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I pushed dust inside of this and I don't know what it is?


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#1 Zumbach

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Posted 03 August 2016 - 05:27 PM

It's connected to the Mobo, is it safe to use or should I clean it out somehow? And if so how do you recommend I do it?

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Edited by Zumbach, 03 August 2016 - 05:33 PM.


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#2 Zumbach

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Posted 03 August 2016 - 05:30 PM

I can provide more pictures if needed.

#3 mjd420nova

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Posted 03 August 2016 - 06:11 PM

What plugs into it??  It is a connector on the MOBO to what?  Just conductors but need to be clean, can cause faults if allowed to build up much more.



#4 Condobloke

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Posted 03 August 2016 - 06:14 PM

G'day Zumbach, and Welcome to BC

 

Read the info at the link I have provided carefully.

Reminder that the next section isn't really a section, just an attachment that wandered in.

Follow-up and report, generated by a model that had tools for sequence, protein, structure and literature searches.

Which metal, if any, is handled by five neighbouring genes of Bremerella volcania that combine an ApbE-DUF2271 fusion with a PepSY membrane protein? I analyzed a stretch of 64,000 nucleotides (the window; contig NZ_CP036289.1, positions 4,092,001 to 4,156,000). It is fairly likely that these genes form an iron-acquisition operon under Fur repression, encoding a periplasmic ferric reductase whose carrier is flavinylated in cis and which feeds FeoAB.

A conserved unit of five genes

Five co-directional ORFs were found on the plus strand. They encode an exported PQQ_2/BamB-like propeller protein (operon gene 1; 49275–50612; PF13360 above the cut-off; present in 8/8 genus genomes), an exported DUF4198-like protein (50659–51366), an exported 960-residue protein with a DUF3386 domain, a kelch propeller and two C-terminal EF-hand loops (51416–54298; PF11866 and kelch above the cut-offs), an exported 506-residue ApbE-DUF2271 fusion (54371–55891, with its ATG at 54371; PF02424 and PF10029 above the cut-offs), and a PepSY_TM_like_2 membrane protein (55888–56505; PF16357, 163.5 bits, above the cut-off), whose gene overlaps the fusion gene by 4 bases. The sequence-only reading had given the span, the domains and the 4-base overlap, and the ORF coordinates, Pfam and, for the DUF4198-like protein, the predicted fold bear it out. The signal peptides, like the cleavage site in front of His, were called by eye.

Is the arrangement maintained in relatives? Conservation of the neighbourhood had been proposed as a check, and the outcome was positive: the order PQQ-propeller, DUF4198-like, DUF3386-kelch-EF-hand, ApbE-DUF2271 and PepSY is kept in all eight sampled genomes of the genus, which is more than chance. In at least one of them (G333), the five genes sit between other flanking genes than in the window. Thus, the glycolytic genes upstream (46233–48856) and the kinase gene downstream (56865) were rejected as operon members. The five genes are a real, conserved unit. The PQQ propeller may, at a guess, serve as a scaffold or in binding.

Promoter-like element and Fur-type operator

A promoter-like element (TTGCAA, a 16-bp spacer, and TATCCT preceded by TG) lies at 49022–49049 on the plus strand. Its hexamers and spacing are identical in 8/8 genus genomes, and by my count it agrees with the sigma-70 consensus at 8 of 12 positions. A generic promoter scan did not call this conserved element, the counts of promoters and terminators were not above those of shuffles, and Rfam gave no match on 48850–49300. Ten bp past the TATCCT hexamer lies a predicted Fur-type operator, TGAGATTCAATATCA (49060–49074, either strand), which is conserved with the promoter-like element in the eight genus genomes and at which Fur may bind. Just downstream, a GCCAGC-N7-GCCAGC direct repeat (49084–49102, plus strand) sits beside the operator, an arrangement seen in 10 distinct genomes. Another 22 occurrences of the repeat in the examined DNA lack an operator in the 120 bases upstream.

Perhaps there is no need to follow all the instructions there....however if at all possible, it would be strongly recommended that you move the pc tower outside, and blow it clean with a can of air...maybe more than one can.

 

Be aware, you will create quite a dust cloud !....so be mindful of washed clothes on a line....etc etc....

 

Pay attention to the electrical Precautions and the static precautions.

 

http://www.bleepingcomputer.com/tutorials/cleaning-the-inside-of-your-pc/

 

NB....do not use a vacuum cleaner


Edited by Condobloke, 03 August 2016 - 06:14 PM.

Condobloke ...Outback Australian  

 

fed up with Windows antics...??....LINUX IS THE ANSWER....I USE LINUX MINT 18.3  EXCLUSIVELY.

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#5 Zumbach

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Posted 03 August 2016 - 06:17 PM

It is the pink port.

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#6 Zumbach

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Posted 03 August 2016 - 06:38 PM

Update: I decided to blow the thing and just plug it in. Cya'll later thanks!

#7 Captain_Chicken

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Posted 05 August 2016 - 10:41 AM

For anyone who is curious: pink port is a legacy paralel port used for old printers.


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#8 Chris Cosgrove

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Posted 05 August 2016 - 05:18 PM